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From "Leo Sutic" <leo.su...@inspireinfrastructure.com>
Subject State of the Aspect
Date Mon, 08 Mar 2004 08:09:57 GMT

I'm working on the aspect-type container. I thought I'd be able to
a proposal today, but there are some issues that I want solved first
that I 
haven't been able to solve.


One problem is about interdependencies between aspects. Suppose you make

logging an aspect. Then you make security an aspect. The implementation
the security aspect would likely like to log some messages. So how would

this be done?

One solution is to apply aspects to each other, and force all
to be optional (i.e. the securityaspect will have to start off with a 
NullLogger, and then switch to whatever the logging aspect gives it
a logging aspect is added). Another "solution" would be to have the
declare dependencies, maybe via some sort of metadata... well, you can
where that line of thought leads!

The interactions of different aspects is also a place where one can
shoot onself in the foot bigtime. As an example, look at Maven. When I 
wrote Commons-Attributes I added a Maven plugin. It would kick in just 
before compiling Java sources and do the source code generation required
Commons-Attributes. The original sources and the generated sources would

then be picked up by the java:compile goal, and everything would be just

fine. I also added a post-processing step to the JAR packaging that
do "some stuff" to the created Jar file. Later I made two discoveries:

  1. When I prepared the excalibur releases I saw this line in the logs:
[attribute-compiler] Creating Attribute information...
Ooops. Looks like I just managed to add a dependency on 
commons-attributes-api to Excalibur!

  2. The post-processing of the Jar file didn't work when I ran "maven 
jar:install-snapshot", but worked just fine when I ran "maven
Why? Well, it turns out that install-snapshot *changes the name of the
file*, and furthermore, that *there is no way to find out what it was 
changed to*!

The lesson to learn from this is that while aspect-oriented programming
powerful, it is vital to keep the aspects decoupled as much as possible,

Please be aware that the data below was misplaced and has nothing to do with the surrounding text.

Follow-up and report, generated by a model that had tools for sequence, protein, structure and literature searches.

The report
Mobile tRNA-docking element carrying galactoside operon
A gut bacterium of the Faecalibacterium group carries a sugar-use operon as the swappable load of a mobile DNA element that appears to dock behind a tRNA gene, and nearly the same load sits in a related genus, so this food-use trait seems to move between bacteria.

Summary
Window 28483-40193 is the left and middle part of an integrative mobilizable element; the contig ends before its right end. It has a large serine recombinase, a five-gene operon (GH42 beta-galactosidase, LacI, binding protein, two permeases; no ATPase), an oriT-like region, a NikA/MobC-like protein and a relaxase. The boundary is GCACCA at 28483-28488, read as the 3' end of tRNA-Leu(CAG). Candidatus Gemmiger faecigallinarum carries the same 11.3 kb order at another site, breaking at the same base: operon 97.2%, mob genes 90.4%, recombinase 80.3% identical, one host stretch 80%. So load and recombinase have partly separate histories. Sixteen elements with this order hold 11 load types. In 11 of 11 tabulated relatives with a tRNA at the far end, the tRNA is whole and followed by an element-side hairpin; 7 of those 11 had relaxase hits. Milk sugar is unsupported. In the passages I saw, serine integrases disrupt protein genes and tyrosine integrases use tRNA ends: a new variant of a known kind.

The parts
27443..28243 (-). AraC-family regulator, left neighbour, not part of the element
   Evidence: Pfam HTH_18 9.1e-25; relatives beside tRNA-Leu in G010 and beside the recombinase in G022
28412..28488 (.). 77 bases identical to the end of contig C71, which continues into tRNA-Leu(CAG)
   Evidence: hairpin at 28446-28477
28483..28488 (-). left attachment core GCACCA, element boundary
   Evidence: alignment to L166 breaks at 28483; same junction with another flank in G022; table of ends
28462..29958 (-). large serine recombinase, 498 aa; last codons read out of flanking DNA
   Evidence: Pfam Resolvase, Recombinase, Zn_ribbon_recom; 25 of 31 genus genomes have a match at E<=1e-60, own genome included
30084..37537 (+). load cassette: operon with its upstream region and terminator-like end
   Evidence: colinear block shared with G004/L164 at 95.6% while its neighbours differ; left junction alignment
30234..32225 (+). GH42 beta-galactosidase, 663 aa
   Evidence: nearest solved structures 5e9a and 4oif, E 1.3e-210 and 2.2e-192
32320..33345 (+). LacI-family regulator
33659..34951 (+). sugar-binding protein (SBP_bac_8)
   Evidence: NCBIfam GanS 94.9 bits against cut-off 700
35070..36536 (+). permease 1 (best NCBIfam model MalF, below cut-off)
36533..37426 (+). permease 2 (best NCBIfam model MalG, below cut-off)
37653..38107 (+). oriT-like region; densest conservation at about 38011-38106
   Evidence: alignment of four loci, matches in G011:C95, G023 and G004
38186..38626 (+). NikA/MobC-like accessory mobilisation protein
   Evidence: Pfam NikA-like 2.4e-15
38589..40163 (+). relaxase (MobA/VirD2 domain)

and when coupling is required, to do so with a well-defined interface. 
Since the purpose of aspects is to allow one to consider things
security) in isolation that you previously had to consider together with
lot of other things, having coupling between aspects is just...
oriented, I guess.


The second big one is if there is any point in having Aspects *and* 
Appliances (or Handlers as I call them, since they are
Aren't Handlers just other aspects? Isn't there a Avalon4HandlingAspect?

(This would instantly cut the number of concepts in half, and that's

I had this one pointed out to me, and my reflexive answer was "no". I
think it the right answer is "no", but I can't motivate it, and that's a

sure sign that I am dead wrong. Here's an attempt at a motivation:

Why should management of components be split into several Handlers and
dealt with by an Aspect? For example, why should three Avalon 4
be hosted inside three Avalon4Handlers and not managed by a single 

This is my motivation: The purpose of a container is to manage
and provide unified access to them via some kind of lookup mechanism.
purpose of an Aspect is to provide some specific non-unified
For example, suppose we have Aspects and Handlers. We have two
one of them is an Avalon4 component, the other is a PicoContainer 
component. In this case we have a set of aspects, one Avalon4Handler and

one PicoHandler. When we're looking for one of the components, we simply

look up the handler directly and get the component. We don't have to
whether it is an Avalon4Handler or a PicoHandler. If the A4 component
been hosted inside an A4Aspect, and the PicoComponent inside a
we would have to first look up the right aspect, and then query the
for the component.

Therefore it is superior to split functionality into Aspects and

Counterargument: Yes, but the ability to find components by lookup key
also an aspect of a container. Consider a ComponentDirectoryAspect. The 
A4HandlingAspect would register itself there as the provider for
with certain lookup keys, and the PicoHandlerAspect would do the same.


Third problem: I have a set of configuration files. Whose responsibility
it to load them and turn them into some kind of application? The
answer to that is "the container". You give Fortress URLs or files, and
will parse them and set itself up accordingly.

I happen to think that it is not the container's responsibility to do

The configuration parsing and all that stuff should be done by the code 
hosting the container. The container itself should only have an api
you could add Aspects and component handlers - thus decoupling it from a

configuration file format and making it easily embeddable.

Providing a default config file format is good, though, but this should


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